The results are strikingly different and unique. They invoke a landscape that resembles a cave turned inside out, with its delicate features exposed for all to see. The flowing waters spill across the surface to sculpt magnificent travertine limestone terraces. As one early visitor described them, "No human architect ever designed such intricate fountains as these. The water trickles over the edges from one to another, blending them together with the effect of a frozen waterfall."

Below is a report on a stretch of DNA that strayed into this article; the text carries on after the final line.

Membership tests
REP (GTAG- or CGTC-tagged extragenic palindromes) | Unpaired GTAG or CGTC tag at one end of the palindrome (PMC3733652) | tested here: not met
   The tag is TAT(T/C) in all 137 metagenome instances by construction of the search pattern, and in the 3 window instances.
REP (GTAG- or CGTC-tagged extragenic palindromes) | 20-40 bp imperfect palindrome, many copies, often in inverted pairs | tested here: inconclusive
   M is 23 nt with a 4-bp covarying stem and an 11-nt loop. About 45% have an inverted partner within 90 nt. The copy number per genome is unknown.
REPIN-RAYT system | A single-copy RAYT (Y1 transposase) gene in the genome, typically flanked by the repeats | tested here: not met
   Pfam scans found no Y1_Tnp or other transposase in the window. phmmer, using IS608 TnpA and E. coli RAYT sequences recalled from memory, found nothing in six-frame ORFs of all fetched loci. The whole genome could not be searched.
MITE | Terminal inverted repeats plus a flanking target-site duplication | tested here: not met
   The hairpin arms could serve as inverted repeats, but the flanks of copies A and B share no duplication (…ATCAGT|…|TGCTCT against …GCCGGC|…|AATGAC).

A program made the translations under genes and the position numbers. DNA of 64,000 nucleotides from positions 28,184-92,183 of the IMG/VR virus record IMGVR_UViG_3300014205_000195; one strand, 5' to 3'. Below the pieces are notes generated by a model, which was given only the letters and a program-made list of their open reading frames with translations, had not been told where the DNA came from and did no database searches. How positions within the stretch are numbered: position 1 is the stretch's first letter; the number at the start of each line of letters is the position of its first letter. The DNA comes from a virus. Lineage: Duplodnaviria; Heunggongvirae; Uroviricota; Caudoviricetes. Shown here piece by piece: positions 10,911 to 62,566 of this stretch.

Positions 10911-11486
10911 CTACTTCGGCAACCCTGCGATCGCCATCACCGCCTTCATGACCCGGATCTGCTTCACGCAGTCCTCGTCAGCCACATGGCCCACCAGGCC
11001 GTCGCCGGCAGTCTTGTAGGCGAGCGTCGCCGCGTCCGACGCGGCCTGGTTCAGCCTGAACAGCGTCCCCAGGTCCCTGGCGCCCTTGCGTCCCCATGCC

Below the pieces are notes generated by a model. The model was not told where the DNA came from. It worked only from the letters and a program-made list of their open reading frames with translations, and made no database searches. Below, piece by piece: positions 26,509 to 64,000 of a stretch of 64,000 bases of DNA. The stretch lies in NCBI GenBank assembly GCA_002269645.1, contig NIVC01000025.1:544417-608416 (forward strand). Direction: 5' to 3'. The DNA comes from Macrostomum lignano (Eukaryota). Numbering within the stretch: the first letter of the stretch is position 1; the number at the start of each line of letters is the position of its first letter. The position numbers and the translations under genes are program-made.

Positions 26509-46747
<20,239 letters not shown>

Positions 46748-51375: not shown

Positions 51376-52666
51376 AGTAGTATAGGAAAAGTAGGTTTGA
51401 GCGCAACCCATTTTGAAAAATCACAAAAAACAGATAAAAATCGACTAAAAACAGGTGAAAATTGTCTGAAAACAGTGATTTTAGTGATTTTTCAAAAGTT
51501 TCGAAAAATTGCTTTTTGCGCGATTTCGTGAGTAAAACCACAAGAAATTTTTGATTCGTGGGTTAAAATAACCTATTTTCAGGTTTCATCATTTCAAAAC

As ground water seeps slowly downward and laterally, it comes in contact with hot gases charged with carbon dioxide rising from the magma chamber. Some carbon dioxide is readily dissolved in the hot water to form a weak carbonic acid solution. This hot, acidic solution dissolves great quantities of limestone as it works up through the rock layers to the surface hot springs. Once exposed to the open air, some of the carbon dioxide escapes from solution. As this happens, limestone can no longer remain in solution. A solid mineral reforms and is deposited as the travertine that forms the terraces.